New bell-ringing graduation tradition to begin this year

Kristin Kovalsky, copy editor

On March 24, Winona State University President Scott Olson sent out an email informing students about an exciting update to this year’s spring commencement.
In the email, Olson stated there will now be in-person events during commencement.
The original plan for spring commencement was for it to be completely virtual, as it also was for the May 2020 and December 2020 commencements, due to COVID-19.
The new in-person events include name reading ceremonies and the ringing of a bell by each graduate participating in the in-person events.
Olson said there will be multiple name reading ceremonies depending on how many students register for it.
There will be 1,200 students receiving their degree this spring commencement.
Olson also said the university is prepared to arrange as many name reading ceremonies as possible.

“We don’t know how many of the 1,200 will say ‘count me in’, but we can handle it if everyone said they wanted to. That would just mean we need five of those ceremonies, but we’re prepared to do that,” Olson said.
Graduating students need to register for the name reading ceremony by Friday, April 9.
The second in-person event of commencement day will come after the name reading ceremonies, as students will have the opportunity to ring a bell to signal their achievement.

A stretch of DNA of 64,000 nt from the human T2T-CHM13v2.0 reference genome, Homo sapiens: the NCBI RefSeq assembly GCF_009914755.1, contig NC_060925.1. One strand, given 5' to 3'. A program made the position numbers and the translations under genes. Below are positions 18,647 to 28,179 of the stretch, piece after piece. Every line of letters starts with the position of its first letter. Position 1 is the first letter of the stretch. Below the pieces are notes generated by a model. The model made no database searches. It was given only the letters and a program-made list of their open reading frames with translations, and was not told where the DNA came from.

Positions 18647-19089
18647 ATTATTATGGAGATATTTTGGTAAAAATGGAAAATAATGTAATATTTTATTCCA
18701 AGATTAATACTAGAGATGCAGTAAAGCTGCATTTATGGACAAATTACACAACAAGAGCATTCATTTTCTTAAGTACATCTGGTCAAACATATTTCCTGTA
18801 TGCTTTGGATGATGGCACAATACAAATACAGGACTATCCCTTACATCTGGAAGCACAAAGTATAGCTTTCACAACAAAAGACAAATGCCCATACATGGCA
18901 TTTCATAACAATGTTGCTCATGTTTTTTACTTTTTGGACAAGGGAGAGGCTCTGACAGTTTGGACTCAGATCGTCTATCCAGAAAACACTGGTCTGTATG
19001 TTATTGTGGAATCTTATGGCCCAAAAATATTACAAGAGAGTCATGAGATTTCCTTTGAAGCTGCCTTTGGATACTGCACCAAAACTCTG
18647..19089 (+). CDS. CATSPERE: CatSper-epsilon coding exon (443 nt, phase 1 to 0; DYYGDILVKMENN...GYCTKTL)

Olson said the bell will be placed in the courtyard on main campus. Students will have the opportunity to ring the bell after receiving their degree and exiting McCown gymnasium.
“We have acquired an absurdly large, ridiculously heavy bell that we’re henceforth calling the Graduation Bell. The students will have the opportunity, if they want to, and it’s going to be loud as heck,” Olson said.

Olson said the bell-ringing will now be a graduation tradition for all Winona State students in the future.
“These students have spent four or more years here in Winona and have grown to love or hate Winona, but certainly had been woven into the fabric of Winona,” Olson said. “And for them to have the opportunity from bluff to shining bluff. It’s to ring that bell and say, ‘hey, you know, I did it.’ I think it is something that will become a cherished tradition.”
Olson said commencement this spring will be a unique transition from prior commencements to future commencements.
“Future graduations won’t be like this one. No graduation in the past was ever like this one. So, it’ll be, in its way, totally unique, but it’s unique in a way that is meant to represent a transition from total-abnormal to normal,” Olson said.
Maggie Ludwig, a fourth-year biochemistry major, graduating this spring, said she is pleased in-person opportunities are being offered for the graduating class.
Ludwig said she will not be participating in the in-person events, but she is glad that students have the opportunity to be recognized and participate in something that will now be a tradition at the university.
“With the circumstances, I’m glad they’re [the university] doing something. It’s cool that they’re giving an opportunity to do something in person, physically doing something and being recognized for all the work we’ve done the past four years,” Ludwig said.